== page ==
When former England striker Jeff Astle died from early onset dementia in 2002, the coroner put it down to heading footballs. Since then, several studies have linked repeated head trauma with degenerative brain disease, prompting Dr Andrew Lavender to investigate whether minor trauma from tackling could also affect a player’s brain function.
For athletes playing contact sports, head and body clashes are common. Pounding knocks, jarring collisions and swift changes in direction can cause the brain to bounce against the skull resulting in microscopic brain trauma, sometimes on both sides of the brain’s outer surface.
“Although the brain is encased in a protective skull and cushioned by fluid, a sudden change in direction can cause the nearside to impact the skull, then rock back so the other side is also impacted – a coup-contrecoup effect,” Dr Lavender explains.
While concussive injuries stemming from head blows are well documented, it is lesser known that brain injuries can also occur without head contact, for example when a player’s body suddenly changes direction, causing a whiplash movement to their neck.
“In a rugby tackle players cannon into each other, but if at the last split second the player tries to dodge, the impact is not at the precise moment or the precise position the player is expecting, they may move differently and that changes the impact.”
Dr Lavender’s current study examines the incidence of brain injuries so minute they don’t appear to have an immediate effect, but could have more serious effects in the longer term.
“A player may feel just fine after a tackle but what has actually happened to their brain? Has it been jostled around enough to cause a minor injury?”
Using techniques that assess the brain’s cortical neural pathways, Dr Lavender meticulously looks for evidence of microscopic brain changes following a tackle, which are not detectable by sideline tests or even the player’s own perception.
“They are not classified as injuries at this point. In fact, the players themselves probably won’t notice any difference. But when we run neurological tests, we can detect a difference.”
To gather data, he simulates tackling events in a motion analysis laboratory, so far testing male and female rugby players.
“In each simulation we have two players, one at either end of the mats, timing gates at either end – so we can set their speed as they are coming in – and they go through a tackle.
“It’s not a full tackle, like in a game. But they are hitting each other at a similar speed to what is typical in a game and the technique is there. It is sufficient to see if there is any movement of the head relative to the torso.”
During the simulations, players wear markers on their shoulders and head, which are tracked by motion analysis software – the same technology used to create avatars.
“The software provides data that tells us how much the head is moving relative to the shoulders at a particular point in time. And from that we can infer how much the brain is moving inside the skull,” Dr Lavender explains.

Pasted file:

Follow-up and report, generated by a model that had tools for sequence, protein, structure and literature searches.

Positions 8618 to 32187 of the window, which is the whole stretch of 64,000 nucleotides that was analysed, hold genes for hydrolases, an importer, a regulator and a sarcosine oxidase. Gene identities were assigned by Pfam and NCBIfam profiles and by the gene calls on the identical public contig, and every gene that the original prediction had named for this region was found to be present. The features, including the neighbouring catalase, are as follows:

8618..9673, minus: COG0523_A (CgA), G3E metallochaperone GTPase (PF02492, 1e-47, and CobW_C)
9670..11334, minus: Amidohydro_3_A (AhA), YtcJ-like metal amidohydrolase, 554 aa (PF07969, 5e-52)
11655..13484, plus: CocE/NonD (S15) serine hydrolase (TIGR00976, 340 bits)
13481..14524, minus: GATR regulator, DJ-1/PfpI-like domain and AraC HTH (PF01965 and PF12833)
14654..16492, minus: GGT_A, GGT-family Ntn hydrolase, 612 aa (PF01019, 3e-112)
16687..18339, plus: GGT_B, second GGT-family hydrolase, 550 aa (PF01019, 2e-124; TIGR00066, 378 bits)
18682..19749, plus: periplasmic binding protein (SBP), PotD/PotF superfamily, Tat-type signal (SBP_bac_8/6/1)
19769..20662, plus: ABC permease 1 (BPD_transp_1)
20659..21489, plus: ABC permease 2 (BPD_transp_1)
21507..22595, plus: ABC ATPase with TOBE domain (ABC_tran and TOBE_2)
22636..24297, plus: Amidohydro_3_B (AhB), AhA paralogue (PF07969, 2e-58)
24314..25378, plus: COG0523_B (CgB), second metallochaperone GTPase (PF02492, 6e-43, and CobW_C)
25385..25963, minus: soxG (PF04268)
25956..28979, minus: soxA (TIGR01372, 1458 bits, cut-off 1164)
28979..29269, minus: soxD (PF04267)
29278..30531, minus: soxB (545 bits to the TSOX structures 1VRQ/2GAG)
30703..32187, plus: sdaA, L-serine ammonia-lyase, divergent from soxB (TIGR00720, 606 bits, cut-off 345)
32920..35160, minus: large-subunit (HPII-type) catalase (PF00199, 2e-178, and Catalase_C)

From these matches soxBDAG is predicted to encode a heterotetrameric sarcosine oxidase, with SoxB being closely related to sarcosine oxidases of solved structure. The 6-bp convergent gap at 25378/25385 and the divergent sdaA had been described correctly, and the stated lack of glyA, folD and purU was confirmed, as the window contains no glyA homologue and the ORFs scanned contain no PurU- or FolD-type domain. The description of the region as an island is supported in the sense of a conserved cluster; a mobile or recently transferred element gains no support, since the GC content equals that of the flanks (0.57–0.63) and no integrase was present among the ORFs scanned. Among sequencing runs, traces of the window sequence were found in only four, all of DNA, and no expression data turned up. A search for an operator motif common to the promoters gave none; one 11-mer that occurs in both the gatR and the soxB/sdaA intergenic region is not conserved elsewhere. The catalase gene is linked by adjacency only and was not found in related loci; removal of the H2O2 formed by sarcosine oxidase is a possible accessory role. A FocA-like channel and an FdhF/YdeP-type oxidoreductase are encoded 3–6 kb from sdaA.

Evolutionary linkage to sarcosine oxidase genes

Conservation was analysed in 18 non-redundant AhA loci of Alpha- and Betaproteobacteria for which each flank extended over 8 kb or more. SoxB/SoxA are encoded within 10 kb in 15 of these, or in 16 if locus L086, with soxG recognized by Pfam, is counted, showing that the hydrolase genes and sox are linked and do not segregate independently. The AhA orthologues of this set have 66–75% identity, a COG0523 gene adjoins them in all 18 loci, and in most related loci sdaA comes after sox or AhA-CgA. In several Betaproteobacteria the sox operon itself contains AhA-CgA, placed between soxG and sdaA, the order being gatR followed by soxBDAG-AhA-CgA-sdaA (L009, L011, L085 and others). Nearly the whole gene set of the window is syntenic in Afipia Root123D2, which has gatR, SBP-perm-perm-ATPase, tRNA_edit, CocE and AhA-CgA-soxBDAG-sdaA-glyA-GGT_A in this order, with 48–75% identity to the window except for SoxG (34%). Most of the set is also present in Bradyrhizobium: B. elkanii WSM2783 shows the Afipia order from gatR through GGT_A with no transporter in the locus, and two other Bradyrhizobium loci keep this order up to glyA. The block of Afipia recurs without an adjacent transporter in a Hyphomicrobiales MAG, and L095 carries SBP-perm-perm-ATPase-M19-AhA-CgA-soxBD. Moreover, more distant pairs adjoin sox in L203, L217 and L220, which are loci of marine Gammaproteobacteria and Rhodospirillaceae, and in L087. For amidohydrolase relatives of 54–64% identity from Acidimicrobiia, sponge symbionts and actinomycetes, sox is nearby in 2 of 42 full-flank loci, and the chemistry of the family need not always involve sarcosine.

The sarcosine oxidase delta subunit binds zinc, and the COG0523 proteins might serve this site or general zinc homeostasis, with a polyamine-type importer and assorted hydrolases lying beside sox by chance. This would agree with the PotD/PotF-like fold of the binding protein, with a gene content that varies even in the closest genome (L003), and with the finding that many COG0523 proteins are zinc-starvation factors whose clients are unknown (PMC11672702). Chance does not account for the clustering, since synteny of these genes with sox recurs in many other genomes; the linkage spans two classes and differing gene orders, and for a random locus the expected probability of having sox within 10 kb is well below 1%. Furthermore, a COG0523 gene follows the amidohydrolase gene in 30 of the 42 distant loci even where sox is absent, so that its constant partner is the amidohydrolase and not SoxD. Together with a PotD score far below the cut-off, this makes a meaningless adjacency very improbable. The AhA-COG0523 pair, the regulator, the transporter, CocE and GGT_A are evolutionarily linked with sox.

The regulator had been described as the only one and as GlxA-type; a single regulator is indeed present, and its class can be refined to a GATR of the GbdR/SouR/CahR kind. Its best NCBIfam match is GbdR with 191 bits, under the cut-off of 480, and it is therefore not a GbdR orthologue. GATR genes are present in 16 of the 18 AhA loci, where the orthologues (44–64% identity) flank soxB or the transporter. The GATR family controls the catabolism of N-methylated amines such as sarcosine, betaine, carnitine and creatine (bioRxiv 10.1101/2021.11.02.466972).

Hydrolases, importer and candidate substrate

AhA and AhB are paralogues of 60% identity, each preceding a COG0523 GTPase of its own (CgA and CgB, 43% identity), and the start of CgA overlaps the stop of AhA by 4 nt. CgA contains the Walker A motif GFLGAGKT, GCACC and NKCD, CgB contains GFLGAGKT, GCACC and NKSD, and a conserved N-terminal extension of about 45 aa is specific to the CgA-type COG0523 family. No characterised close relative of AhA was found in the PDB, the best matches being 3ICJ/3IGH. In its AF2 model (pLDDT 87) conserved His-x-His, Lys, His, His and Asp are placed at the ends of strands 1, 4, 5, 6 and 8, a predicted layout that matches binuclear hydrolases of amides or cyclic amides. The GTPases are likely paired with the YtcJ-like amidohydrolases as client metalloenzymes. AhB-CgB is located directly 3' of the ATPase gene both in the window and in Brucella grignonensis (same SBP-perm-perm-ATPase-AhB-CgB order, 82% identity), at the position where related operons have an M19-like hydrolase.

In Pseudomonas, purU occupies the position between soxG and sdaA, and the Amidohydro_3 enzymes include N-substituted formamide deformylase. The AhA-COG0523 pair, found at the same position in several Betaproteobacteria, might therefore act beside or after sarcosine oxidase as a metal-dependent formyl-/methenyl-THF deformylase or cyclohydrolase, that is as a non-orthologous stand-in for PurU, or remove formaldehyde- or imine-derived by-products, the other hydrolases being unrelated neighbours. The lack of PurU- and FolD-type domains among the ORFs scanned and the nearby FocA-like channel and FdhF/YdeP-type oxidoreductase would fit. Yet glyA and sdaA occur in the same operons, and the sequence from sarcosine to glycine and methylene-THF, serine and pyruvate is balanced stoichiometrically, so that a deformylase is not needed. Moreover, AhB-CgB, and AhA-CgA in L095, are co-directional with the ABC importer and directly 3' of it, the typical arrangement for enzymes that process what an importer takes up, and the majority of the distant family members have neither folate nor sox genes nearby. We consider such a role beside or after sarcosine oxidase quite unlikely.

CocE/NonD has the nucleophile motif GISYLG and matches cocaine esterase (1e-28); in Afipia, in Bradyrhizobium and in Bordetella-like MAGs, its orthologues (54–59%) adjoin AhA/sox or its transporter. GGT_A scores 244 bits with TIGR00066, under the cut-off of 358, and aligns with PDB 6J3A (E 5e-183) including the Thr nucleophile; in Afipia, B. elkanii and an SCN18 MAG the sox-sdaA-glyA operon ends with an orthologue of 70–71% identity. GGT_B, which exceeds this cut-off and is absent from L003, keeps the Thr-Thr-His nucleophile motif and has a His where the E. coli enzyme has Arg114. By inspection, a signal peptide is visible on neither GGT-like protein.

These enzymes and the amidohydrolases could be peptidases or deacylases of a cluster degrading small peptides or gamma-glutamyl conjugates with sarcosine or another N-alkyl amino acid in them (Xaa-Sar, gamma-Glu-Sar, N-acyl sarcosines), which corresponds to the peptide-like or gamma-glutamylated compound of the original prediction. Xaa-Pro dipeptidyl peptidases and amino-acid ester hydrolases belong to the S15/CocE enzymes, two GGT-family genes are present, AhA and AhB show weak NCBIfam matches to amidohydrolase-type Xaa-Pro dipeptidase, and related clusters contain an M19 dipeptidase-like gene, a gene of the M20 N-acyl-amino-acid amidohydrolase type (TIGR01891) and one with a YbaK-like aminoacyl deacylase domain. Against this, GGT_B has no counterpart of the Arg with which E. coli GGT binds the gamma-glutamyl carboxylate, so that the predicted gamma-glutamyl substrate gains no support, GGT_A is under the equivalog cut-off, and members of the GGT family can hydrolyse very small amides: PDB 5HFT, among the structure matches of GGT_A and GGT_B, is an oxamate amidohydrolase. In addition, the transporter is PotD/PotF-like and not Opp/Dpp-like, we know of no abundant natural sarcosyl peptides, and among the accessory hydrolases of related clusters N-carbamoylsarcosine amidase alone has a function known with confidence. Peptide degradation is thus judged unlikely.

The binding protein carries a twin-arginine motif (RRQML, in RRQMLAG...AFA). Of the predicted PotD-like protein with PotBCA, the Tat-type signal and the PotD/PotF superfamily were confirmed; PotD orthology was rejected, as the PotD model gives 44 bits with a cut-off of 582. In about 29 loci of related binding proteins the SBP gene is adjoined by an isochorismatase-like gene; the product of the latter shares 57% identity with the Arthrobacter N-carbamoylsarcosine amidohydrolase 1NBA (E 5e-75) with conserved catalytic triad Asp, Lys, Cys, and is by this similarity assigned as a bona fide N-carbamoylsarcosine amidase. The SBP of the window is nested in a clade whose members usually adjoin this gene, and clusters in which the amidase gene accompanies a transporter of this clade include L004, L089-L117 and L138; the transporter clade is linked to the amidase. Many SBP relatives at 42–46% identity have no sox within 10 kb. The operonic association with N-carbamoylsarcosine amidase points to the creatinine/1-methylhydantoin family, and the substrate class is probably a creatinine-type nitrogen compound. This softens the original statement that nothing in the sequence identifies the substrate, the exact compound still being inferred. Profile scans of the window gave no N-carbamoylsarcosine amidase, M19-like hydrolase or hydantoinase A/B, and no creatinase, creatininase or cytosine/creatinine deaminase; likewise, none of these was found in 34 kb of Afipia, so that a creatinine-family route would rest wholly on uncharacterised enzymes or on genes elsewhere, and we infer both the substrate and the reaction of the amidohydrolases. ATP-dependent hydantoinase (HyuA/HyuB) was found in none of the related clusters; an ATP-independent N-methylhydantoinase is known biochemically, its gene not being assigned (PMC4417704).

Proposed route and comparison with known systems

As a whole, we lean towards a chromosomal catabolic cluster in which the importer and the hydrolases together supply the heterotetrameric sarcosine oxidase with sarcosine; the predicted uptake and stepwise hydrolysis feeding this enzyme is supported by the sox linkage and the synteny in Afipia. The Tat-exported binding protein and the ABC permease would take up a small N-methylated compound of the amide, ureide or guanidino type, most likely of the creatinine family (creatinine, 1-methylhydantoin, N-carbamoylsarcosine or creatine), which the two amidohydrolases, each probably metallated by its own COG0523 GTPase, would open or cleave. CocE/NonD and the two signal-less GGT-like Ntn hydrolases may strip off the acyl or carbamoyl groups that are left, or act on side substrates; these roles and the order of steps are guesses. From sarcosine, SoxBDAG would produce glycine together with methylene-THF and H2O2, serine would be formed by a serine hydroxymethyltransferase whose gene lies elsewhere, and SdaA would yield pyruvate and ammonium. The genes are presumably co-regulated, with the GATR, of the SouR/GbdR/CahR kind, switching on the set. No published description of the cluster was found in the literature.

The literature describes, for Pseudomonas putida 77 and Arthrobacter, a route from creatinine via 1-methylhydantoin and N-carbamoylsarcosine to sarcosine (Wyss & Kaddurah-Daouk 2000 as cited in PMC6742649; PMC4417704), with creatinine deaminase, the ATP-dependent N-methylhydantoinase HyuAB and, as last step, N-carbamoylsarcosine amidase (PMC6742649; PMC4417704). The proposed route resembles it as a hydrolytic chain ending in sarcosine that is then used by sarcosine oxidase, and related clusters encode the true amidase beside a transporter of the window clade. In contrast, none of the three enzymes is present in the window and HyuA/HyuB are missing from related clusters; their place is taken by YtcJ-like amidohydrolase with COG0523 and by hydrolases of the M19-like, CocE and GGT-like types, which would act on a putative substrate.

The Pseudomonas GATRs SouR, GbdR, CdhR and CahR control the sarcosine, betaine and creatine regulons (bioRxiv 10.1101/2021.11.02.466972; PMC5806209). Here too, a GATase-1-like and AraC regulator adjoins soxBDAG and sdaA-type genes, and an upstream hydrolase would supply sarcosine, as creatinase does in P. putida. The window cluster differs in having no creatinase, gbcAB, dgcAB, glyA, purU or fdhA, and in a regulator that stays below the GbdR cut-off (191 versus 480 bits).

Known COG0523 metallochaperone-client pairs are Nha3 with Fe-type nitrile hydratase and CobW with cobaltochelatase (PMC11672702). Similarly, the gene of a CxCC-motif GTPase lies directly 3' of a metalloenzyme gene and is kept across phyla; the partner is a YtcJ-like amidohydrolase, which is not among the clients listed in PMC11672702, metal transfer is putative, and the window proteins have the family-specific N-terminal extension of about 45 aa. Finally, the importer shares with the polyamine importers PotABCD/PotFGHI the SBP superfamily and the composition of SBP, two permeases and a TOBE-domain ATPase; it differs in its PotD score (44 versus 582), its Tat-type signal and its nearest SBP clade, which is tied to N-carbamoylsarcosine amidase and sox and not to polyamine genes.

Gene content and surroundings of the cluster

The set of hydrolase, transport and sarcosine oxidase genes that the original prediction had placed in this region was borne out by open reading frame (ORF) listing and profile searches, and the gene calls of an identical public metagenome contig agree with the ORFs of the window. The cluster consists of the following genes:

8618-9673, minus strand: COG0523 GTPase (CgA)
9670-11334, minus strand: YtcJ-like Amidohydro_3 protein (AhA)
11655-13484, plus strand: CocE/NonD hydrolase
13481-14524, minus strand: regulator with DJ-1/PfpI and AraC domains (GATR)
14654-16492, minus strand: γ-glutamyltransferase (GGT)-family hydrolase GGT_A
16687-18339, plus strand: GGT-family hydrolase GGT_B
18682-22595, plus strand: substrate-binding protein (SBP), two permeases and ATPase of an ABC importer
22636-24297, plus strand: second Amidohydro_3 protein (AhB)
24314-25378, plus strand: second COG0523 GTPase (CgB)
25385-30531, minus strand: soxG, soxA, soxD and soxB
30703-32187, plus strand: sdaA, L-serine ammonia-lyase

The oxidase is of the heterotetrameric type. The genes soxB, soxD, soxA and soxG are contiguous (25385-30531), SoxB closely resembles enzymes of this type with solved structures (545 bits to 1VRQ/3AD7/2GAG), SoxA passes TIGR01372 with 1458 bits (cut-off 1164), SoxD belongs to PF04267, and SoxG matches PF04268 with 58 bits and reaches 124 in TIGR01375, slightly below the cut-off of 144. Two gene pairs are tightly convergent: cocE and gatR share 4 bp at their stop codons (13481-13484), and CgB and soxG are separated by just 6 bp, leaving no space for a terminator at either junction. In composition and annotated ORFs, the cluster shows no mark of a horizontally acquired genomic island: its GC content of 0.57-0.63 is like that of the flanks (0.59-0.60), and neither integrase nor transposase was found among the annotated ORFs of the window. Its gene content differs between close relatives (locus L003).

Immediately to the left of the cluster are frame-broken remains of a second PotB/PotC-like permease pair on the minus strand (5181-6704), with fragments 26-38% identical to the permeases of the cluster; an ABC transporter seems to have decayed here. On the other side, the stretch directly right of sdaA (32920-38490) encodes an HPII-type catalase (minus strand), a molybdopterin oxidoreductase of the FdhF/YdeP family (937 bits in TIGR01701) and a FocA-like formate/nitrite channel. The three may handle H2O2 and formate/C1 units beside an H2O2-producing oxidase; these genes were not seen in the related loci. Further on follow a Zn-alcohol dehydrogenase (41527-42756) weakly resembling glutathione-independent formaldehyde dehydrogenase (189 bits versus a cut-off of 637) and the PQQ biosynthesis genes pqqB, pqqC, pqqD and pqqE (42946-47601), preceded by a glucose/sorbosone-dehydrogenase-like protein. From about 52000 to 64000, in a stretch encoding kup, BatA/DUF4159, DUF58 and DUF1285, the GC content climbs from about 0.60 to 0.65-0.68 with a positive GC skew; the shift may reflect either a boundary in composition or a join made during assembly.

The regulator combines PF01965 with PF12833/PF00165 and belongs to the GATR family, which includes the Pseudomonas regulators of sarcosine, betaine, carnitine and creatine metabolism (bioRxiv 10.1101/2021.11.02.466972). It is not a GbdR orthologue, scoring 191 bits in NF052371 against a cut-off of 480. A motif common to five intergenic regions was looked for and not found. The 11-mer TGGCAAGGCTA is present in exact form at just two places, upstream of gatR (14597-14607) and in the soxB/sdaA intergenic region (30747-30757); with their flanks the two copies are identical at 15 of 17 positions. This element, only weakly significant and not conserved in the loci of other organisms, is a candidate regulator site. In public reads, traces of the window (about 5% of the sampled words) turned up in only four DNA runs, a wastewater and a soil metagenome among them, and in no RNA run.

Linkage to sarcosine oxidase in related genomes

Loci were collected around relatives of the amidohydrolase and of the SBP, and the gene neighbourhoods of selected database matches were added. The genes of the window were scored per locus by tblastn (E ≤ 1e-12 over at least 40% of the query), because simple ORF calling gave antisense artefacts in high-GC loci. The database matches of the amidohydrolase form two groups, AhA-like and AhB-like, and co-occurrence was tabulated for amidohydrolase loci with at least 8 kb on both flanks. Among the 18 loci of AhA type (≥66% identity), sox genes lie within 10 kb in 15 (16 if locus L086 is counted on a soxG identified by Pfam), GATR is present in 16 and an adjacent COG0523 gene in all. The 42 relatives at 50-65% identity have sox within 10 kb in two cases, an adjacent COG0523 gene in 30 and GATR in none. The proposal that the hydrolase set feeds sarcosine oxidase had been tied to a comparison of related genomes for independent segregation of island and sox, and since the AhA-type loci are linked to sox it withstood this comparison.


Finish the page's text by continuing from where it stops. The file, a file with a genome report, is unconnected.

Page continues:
Preliminary data shows that rugby players’ heads don’t actually move that much in relation to their bodies, an observation Dr Lavender ascribes to their experience in the sport.
“Rugby players know how to tackle well. Their neck and shoulders are controlled. They roll their body into the right angle, use their shoulders and tense up at just the right time and brace in the right kind of way.
“What becomes a problem for them is when there is something slightly different or they get hit from an angle they are not expecting, or they lunge at an opponent’s hips and get hit in the face with a knee and that causes the head to move about differently.”
Following the simulations, Dr Lavender conducts tests on a player’s memory and balance, as well as a cortical inhibition test, where the brain is briefly stimulated with a magnet to measure signals from the brain to the muscles.
“The study has found an increase in activity of the brain’s inhibitory neural pathways – a reflection of protective mechanisms against minor injury – but unless you do an in-depth assessment, you can’t tell.
“A player can probably walk and function basically fine, but there is a change in the way their brain is operating. This change is imperceptible to the player and normalises within 24 hours.”
Dr Lavender will be gathering data for another year, but he is keen to stress his results are unlikely to warrant changing the ways in which sports are practised and played.
“A reasonable take-home message is that tackling may cause some short-term effects but the brain recovers quickly. We don’t see anything that is debilitating in the long-term at this stage. This is different from players who have experienced multiple concussions across an entire career.
“Scientists have examined the brains of players who died from dementia and found severe damage to their brains as a result of a long sporting career with many concussion injuries.
“If you did the same with players who had not suffered multiple concussions when they eventually died, we expect you would see a pretty healthy brain.”